A good number of our clients and their loved ones are coping with Alzheimer’s Disease. Our job as elder law attorneys is to help them deal with the complex legal and financial challenges the diagnosis presents. While there is still no cure for the disease, as of July 6 there has been a modest breakthrough: The FDA gave full approval to Leqembi, a drug that appears to slow down the progression of the disease in those with early stage Alzheimer’s. An estimated 1.5 million Americans fit that profile.
Leqembi reduces the beta-amyloid plaques found in the brains of Alzheimer’s patients. In clinical trials, the drug slowed down the decline in memory and thinking by about 27% after 18 months of treatment. Sanjeev Vaiskavi, director of clinical research at Penn Memory Center, says the drug “may slow down progression of the disease and may give people more meaningful time with their families.”
If you think you may qualify to receive the drug, your doctor will need to test to confirm the presence of amyloid plaques. Leqembi is administered via intravenous infusion every two weeks. Since brain swelling and bleeding are potential side effects, you will have to seriously consider the possible benefits and risks before proceeding. Periodic brain scans will also be necessary.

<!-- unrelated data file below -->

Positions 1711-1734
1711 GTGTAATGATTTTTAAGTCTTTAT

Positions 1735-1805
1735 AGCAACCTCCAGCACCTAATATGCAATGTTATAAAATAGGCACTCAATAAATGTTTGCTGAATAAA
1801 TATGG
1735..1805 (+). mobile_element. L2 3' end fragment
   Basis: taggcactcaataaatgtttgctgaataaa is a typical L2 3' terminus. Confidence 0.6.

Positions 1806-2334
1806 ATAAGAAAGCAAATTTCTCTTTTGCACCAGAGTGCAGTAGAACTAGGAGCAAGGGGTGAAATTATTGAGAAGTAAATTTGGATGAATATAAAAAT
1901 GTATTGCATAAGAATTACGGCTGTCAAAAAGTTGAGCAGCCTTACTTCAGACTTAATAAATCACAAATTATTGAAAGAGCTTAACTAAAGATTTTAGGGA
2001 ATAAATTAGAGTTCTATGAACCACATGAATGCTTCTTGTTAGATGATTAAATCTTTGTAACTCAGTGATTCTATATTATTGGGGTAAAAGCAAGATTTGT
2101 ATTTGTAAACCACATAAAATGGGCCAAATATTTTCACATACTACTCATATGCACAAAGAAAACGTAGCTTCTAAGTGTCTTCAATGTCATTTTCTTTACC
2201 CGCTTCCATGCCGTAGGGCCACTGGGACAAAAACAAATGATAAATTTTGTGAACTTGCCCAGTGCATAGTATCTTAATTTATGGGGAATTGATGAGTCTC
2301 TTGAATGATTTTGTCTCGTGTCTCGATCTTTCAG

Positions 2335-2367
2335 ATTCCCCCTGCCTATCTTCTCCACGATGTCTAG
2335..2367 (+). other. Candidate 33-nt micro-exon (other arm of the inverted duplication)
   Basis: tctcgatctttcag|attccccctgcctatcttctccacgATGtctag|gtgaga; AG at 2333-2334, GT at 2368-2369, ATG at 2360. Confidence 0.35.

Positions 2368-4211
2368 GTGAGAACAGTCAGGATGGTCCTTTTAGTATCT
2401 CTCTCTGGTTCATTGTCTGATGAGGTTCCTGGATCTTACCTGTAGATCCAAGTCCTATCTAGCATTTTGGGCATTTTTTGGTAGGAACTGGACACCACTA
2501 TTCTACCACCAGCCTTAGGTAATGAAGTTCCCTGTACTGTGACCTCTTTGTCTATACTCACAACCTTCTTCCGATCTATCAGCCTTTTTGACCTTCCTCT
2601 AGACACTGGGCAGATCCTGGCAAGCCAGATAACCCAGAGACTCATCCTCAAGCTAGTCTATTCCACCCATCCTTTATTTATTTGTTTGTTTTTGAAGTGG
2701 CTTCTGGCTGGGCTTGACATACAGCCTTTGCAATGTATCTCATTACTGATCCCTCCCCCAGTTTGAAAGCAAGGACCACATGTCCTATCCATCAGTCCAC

The annual cost for the drug is estimated at $26,500. The good news is that on the same day the FDA approved Leqembi, Medicare announced it will cover 80% of the cost. The $6,600 difference may be covered by your supplemental Medicare insurance, or would have to be paid out of pocket. However, the total annual cost of Leqembi treatement could go as high as $90,000, once regular doctor’s visits and periodic brain scans are factored into the cost.
Leqembi was developed by Biogen and the Japanese pharmaceutical company Eisai.
Click here for more information about Leqembi.
Click here for a handbook on steps to take when you or a loved one have been diagnosed with Alzheimer’s Disease.
Update 7/17/23: Eli Lilly has also developed a drug that is believed to modestly slow cognitive decline in those with early stage Alzheimer’s. Like Leqembi, Donanemab targets beta-amyloid plaques. Donanemab has been submitted for approval to the US Food and Drug Administration. Lilly’s senior medical director John Sims says he expects to hear back from the FDA by the end of this year. More information here.